Yesterday, I was looking through my photo files in search of a particular shot amongst the tens of thousands of files stored on my various drives. Most of those photographs document our journeys through the landscape, visits to sacred places and the beauty and history hidden within our mediaeval churches and cathedrals. Some, though, document the events we have held at many of these places and in particular, the faces of those who have attended, caught, almost inevitably, in laughter.
Just looking at the pictures from those weekend events, I found image after image of smiling faces, happy to share a moment with the camera or caught off guard in merriment. Even the ducks were smiling. And I found myself smiling back. It was not something over which I had any control… each smile drew a response, both in memory and in actuality. The photographs may have been taken a while ago, but the smiles on the screen were my ‘now’… and because I know and love these people too, each smile was familiar, warm and direct. Especially as, nine times out of ten, it had been me who was pointing the camera in the first place.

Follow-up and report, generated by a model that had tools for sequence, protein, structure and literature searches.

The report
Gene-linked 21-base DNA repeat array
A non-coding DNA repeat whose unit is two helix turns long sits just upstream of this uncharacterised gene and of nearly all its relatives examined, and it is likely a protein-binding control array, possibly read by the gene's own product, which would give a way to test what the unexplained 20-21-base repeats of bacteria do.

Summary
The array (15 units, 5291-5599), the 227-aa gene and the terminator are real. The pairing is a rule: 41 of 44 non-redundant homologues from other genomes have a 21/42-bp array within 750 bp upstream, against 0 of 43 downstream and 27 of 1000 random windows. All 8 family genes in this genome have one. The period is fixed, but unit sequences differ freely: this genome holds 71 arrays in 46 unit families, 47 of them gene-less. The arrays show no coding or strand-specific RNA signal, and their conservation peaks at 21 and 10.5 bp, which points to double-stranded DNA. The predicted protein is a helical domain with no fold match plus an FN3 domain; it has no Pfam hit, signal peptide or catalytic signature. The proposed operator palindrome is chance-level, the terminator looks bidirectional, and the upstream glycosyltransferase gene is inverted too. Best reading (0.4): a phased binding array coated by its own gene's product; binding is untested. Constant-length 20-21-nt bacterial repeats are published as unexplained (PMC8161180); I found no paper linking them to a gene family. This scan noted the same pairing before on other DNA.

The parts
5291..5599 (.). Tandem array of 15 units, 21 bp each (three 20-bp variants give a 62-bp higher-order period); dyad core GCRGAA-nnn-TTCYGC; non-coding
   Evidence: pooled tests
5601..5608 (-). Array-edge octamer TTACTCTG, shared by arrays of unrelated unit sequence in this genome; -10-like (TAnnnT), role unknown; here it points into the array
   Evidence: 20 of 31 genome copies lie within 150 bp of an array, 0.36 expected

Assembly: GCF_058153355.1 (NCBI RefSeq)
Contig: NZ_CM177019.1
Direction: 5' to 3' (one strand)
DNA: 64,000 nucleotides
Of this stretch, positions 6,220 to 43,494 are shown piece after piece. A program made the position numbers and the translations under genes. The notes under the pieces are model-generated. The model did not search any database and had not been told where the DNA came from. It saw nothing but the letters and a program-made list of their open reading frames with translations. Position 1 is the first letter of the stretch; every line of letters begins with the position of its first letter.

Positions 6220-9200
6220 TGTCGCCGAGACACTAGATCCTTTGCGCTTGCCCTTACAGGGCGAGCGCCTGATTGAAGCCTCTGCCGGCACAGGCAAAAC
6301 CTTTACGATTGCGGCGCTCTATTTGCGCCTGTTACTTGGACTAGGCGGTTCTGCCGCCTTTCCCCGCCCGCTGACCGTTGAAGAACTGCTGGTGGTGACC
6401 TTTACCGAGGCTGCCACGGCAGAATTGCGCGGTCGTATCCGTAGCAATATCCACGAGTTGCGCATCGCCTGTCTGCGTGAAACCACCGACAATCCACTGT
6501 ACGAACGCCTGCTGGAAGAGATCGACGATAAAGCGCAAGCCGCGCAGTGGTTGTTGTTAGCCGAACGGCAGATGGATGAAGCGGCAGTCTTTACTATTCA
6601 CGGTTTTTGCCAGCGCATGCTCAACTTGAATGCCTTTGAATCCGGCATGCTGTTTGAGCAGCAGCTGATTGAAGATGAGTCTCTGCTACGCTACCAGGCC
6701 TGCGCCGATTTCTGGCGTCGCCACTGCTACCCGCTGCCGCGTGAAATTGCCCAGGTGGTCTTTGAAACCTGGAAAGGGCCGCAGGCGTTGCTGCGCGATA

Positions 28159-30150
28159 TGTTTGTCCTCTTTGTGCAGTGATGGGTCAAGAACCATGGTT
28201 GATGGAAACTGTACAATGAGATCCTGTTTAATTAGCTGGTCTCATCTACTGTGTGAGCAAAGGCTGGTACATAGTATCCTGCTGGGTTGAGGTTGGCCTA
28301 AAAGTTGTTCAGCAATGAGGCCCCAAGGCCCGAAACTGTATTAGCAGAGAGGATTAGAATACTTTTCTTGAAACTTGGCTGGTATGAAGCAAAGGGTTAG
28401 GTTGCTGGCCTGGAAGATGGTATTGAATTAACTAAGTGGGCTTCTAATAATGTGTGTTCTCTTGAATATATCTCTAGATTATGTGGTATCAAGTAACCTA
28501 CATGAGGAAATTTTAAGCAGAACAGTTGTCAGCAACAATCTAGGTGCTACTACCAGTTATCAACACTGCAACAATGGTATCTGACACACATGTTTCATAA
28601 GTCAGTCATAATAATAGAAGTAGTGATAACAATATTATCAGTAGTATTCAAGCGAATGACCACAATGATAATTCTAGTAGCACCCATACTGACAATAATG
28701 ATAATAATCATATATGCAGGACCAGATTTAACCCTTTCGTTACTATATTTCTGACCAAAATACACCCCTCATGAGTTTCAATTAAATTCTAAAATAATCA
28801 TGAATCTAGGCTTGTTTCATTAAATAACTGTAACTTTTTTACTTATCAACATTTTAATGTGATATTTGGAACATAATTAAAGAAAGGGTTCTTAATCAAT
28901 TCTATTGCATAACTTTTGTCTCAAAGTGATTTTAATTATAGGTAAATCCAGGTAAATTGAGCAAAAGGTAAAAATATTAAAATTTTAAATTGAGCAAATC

It was April last year when I wrote ‘A Bridge of Smiles’. Things were not looking good with our world at that point. The virus was biting and fear was oozing in through every crack we allowed. And yet we could still smile and connect with each other… sharing anecdotes and laughter as we waited dutifully in socially distanced lines to be allowed into a shop. That was before masks became mandatory. Before smiles were hidden behind a veil of fabric, before voices and laughter were muffled and the expression of joy made to feel like some kind of guilty pleasure.
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